were revealed to the apostles and prophets, while to some they are
proposed by God in sending preachers of the faith, according to Rm.
10:15: "How shall they preach, unless they be sent?"
As regards the second, viz. man's assent to the things which are of
faith, we may observe a twofold cause, one of external inducement, such
as seeing a miracle, or being persuaded by someone to embrace the faith:
neither of which is a sufficient cause, since of those who see the same
miracle, or who hear the same sermon, some believe, and some do not.
Hence we must assert another internal cause, which moves man inwardly to
assent to matters of faith.
The Pelagians held that this cause was nothing else than man's
free-will: and consequently they said that the beginning of faith is from
ourselves, inasmuch as, to wit, it is in our power to be ready to assent
to things which are of faith, but that the consummation of faith is from
God, Who proposes to us the things we have to believe. But this is false,
for, since man, by assenting to matters of faith, is raised above his
nature, this must needs accrue to him from some supernatural principle
moving him inwardly; and this is God. Therefore faith, as regards the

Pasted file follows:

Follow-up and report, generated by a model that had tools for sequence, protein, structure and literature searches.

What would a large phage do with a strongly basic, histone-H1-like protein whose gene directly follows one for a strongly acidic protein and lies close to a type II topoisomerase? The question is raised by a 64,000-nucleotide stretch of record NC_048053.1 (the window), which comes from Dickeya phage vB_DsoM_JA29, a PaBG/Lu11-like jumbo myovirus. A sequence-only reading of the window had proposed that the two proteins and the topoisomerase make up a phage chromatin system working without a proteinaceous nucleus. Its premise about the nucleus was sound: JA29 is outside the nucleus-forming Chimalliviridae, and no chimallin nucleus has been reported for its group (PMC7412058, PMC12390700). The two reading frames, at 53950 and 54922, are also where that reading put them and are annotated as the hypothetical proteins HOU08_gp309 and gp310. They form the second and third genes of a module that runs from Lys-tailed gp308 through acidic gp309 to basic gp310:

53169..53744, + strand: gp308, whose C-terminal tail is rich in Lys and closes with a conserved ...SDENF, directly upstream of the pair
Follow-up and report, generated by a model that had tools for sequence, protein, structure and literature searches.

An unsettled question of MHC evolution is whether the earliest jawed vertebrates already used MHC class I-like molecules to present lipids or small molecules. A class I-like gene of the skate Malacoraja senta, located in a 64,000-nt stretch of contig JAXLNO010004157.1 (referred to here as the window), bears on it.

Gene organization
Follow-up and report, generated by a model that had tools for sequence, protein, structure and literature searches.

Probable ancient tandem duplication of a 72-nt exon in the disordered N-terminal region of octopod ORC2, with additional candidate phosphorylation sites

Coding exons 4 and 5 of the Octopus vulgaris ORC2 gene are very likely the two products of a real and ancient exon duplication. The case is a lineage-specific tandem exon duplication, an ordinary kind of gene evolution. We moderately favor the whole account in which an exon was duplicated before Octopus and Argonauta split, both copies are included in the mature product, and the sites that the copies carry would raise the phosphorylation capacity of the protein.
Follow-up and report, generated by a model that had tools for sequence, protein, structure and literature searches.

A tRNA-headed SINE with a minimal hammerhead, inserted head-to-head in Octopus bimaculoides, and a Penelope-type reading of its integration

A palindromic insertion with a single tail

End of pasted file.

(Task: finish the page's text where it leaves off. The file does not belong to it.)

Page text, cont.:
assent which is the chief act of faith, is from God moving man inwardly
Reply to Objection 1: Science begets and nourishes faith, by way of external
persuasion afforded by science; but the chief and proper cause of faith
is that which moves man inwardly to assent.
Reply to Objection 2: This argument again refers to the cause that proposes
outwardly the things that are of faith, or persuades man to believe by
words or deeds.
Reply to Objection 3: To believe does indeed depend on the will of the believer: but man's will needs to be prepared by God with grace, in order that he may be raised to things which are above his nature, as stated above (Question , Article ).
Article 2: Whether lifeless faith is a gift of God?
Objection 1: It would seem that lifeless faith is not a gift of God. For it is